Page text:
Uber, WhatsApp, Airbnb, Canva. There are many such brands born in the past decade worthy of mention, but to make our point, these 4 brands will do for now. What is common to them?
They were all born out of seemingly innocent questions. What if you could request a cab from your phone? Why can’t phone-calls and texts to family and friends be accessible for everyone from anywhere? What if we could find a place that makes us feel at home whenever we are on a vacation or a business trip? Why is good graphic designing skill expensive and tedious to achieve?
Be it Uber founders, Travis Kalanick and Garris Camp, Whatsapp founders Jan Koum and Brian Acton, Airbnb founders Brian Chesky, Joe Gebbia, Nathan Blecharczyk or Canva founder, Melanie Perkins, they were all driven by wanting to make useful products first and not by wanting to make money. And yet their companies witnessed explosive growth despite the unsurprising push-backs.
They did not need advertising for their initial growth spurts. They simply focussed on improving the product and not on improving their advertisements. World-renowned marketing thought leader Sandeep Dayal in his 2021 book, Branding Between the Ears, calls it the ‘no-brainer’ strategy – offering a product/service so useful and with such a compelling value proposition that they don’t need additional persuasion. Many of these companies did however, need reputation management to tackle controversies that are inevitable when challenging the status quo and when being the first mover with no prior lessons to lean on.
The founders were all in their 20s or 30s with the raring to go spirit needed to help them ignore naysayers. They were all told repeatedly that their idea was downright stupid. And yet, the impact of Uber is so powerful that many find it financially savvy and more convenient to not own a car at all. The gesture of waving to hail a cab is probably unrecognisable to a whole generation and the ones to follow. Today, keeping in touch from different rooms in the same building or across continents costs the same. The very idea of being separated by distance is not even remotely close to what it used to be just 15 years ago, thanks to WhatsApp. With the anxiety of finding a decent, safe, budget-friendly place to stay being lifted, Airbnb overhauled the whole travel and tourism sector. Canva has effectively made designing our personal brand and in many ways, even our destiny easy and accessible for anyone with access to the internet. Together, these companies, along with many others like them, have literally changed the world.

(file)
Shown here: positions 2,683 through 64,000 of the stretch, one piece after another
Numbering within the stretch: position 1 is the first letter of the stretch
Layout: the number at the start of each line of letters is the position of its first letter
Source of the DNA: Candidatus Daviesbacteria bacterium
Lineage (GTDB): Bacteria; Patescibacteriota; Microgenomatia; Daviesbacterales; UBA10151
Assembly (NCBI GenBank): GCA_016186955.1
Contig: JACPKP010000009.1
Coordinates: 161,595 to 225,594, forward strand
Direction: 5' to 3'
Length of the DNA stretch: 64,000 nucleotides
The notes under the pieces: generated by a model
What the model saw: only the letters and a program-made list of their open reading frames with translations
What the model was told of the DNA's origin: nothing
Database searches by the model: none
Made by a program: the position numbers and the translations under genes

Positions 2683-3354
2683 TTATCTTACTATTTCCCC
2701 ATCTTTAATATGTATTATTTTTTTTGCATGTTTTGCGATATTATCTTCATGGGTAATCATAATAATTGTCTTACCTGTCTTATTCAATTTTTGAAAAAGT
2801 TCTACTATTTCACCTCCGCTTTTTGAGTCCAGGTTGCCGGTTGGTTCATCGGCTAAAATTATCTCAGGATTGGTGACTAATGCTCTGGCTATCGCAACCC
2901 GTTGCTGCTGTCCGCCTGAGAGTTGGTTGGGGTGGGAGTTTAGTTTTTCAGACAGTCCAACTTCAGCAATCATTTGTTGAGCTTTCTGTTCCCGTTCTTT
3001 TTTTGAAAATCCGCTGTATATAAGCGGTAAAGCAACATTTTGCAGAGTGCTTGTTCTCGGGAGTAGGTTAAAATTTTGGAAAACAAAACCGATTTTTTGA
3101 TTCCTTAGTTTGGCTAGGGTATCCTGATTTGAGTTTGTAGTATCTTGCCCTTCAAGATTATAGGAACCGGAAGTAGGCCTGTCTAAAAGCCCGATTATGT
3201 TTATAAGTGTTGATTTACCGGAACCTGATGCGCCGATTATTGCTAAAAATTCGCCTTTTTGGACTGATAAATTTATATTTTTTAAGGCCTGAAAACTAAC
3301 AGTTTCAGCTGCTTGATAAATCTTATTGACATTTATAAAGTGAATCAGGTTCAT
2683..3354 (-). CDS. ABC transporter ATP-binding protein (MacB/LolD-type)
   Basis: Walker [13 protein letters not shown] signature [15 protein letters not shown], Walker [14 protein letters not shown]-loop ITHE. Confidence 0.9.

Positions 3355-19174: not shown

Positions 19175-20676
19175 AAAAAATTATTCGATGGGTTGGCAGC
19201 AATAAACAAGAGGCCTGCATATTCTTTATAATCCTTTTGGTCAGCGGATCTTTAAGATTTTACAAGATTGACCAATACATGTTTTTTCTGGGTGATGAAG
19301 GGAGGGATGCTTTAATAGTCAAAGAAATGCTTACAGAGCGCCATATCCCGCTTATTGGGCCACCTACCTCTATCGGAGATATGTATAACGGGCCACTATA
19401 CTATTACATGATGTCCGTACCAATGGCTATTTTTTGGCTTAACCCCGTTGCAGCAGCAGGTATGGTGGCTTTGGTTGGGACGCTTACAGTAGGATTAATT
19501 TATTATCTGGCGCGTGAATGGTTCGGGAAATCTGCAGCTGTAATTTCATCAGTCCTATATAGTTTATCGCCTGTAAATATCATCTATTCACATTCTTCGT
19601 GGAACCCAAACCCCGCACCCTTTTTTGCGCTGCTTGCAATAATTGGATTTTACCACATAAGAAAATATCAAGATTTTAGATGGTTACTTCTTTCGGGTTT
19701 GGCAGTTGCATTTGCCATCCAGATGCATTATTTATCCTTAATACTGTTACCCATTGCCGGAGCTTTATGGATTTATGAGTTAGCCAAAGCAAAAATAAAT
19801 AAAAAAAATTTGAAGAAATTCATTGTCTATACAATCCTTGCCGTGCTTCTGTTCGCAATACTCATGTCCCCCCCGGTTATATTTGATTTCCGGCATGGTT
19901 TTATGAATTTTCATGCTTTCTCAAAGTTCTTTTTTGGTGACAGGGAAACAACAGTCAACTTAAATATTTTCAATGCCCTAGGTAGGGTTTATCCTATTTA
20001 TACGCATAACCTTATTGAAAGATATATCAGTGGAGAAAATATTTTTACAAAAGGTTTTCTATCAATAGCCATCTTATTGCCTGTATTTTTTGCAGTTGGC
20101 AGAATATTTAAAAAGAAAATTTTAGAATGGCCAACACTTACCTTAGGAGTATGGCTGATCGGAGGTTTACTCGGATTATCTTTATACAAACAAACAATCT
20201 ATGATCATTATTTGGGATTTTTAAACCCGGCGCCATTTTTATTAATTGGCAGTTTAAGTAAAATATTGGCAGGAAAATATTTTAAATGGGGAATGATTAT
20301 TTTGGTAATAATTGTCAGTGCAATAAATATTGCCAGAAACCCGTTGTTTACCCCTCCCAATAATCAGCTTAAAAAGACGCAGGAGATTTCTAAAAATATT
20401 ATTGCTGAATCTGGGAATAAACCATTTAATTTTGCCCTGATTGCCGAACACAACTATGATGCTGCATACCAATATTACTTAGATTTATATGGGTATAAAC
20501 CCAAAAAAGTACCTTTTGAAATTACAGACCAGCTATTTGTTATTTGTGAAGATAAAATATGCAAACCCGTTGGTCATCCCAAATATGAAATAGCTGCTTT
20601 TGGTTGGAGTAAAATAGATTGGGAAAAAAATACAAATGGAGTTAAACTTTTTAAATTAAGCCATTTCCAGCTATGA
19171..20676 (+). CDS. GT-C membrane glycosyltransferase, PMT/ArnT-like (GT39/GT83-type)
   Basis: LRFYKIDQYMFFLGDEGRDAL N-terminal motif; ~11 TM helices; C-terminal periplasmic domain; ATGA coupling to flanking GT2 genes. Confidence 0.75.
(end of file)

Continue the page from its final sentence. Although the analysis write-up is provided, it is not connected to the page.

Each of these companies levelled the playing field for customers. They democratised services and skills – enabling a world that shares, connects and collaborates more. They help transform us from operating with a scarcity mindset to the abundance mindset.
Three key new truths glaring at us:
- Today, relevance trumps experience
Business growth ideas will come from listening to the young. We have to resist our urge to correct them and tell them what’s possible and what’s not based on our experiences. We need to eliminate the voice within us saying their ideas are shallow, naive or impossible. Relevance comes naturally to the young workforce. It is the older ones that need to actively nurture relevance within us.
- Intent defines your business above all else
Profit may be the ultimate aim of any business but businesses today are born out of a sincere desire to solve customer problems and make their lives and our collective futures better. Companies aiming for profits first are being called out.
- The status quo is fluid
We live in a world where the status quo is to question the status quo. Innocent questions are changing the world and its mindset. All that’s left to do, is to cultivate the flexibility and openness within us to respect the voice of the young.
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